Two years back, he was down with cough and fever, yet drove 15 km to his ISRO office to keep his engagements – one of them an appointment with this reporter. When he was told that he could have postponed the meeting, Dr. Rao typically said, “Some people prefer to rest, I prefer to work.

    All through my life I have worked when I am sick – to forget the sickness. Or else I will be a nuisance to others.”

    As chairman, Dr. Rao accelerated the rocket development programmes but with mixed luck. He presided over the fruition of the ASLV early rocket, much of the development of the now-famous PSLV. He laid the foundation for the GSLV by signing a pact with the Russians in 1991 for the cryogenic engine technology for its third stage. Dr. Rao’s joy was blunted as the PSLV clicked after his tenure while the Russians reneged on the cryogenic pact.

    The credit for kickstarting the now working GSLV, however, is undeniably Dr. Rao’s, say ISRO oldtimers.

    U.R.Rao was born on March 10, 1932, to Lakshminarayana Acharya and Krishnaveni Amma in Adamaru near Udupi – a small town that hosts one of the eight famous `Madhwa math’s sacred to Kannada Brahmins. He studied in Udupi’s Christian High School and later did his intermediate course in Bellary’s Veerashaiva College. A B.Sc at the Government Arts and Science College, Ananthapur, then under Madras University. He completed his M.Sc in Physics from Banaras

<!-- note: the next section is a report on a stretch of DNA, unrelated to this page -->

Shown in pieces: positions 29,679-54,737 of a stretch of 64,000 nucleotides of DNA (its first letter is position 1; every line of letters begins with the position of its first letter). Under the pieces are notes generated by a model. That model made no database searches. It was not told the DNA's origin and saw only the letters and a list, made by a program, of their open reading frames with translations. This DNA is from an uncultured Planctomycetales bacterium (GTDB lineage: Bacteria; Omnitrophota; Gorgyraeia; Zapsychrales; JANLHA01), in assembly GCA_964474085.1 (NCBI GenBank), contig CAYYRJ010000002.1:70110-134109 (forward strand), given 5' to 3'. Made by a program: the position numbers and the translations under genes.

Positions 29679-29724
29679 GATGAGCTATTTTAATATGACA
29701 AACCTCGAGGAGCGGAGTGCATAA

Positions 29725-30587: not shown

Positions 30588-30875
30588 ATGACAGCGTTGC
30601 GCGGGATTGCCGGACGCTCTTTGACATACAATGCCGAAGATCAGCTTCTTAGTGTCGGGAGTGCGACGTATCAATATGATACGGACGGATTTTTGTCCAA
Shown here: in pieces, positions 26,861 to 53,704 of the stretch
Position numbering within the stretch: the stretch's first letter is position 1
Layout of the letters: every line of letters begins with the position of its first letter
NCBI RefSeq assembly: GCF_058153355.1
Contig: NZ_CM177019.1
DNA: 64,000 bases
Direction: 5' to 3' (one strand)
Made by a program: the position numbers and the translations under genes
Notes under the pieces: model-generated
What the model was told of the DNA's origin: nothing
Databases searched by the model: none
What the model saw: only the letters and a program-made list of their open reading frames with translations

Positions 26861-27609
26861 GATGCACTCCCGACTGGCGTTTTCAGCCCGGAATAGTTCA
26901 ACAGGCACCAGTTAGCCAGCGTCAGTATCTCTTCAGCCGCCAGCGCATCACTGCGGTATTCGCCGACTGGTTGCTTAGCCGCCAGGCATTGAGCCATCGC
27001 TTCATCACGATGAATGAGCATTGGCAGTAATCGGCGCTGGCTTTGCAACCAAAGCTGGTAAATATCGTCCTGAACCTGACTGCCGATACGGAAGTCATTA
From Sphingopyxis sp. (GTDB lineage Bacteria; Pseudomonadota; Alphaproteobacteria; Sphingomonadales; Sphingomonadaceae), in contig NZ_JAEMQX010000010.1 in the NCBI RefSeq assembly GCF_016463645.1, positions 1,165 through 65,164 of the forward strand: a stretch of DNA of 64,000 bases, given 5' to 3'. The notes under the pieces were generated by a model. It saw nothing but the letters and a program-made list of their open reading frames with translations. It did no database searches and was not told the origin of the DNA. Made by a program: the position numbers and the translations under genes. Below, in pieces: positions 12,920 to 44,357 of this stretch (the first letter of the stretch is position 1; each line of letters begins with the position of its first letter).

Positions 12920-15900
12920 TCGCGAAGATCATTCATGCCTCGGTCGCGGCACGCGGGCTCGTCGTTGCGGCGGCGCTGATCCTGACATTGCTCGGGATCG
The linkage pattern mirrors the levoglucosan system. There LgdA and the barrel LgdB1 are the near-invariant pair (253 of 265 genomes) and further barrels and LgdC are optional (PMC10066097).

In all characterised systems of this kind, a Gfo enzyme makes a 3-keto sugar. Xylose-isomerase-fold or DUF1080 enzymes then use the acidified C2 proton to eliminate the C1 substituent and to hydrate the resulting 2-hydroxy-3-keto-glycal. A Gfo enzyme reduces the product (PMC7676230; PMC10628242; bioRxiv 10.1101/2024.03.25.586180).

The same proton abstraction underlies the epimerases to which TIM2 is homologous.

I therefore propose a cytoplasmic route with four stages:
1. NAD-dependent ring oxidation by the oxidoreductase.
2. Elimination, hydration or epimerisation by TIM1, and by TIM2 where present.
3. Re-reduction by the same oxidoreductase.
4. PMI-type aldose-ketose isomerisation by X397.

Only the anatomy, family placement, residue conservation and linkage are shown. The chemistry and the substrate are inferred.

Hindu University 1953 and briefly taught in Ahmednagar and Mysore. But space sicence was beckoning and he enrolled for a PhD under none other than Vikram Sarabhai at the Physical Research Laboratory, Ahmedabad, and got the doctoral degree in 1960 from Gujarat University.

    The article by Dr. Jayaraman says the story of a small-town boy’s rise “to a lofty position as Chairman of ISRO, a prestigious organisation and of international fame, should be a motivational force to many young aspirants in our country.”

    source: http://www.thehindu.com / The Hindu / Home> Sci-Tech> Science / by Madhumathi D.S / Bengaluru – July 24th, 2017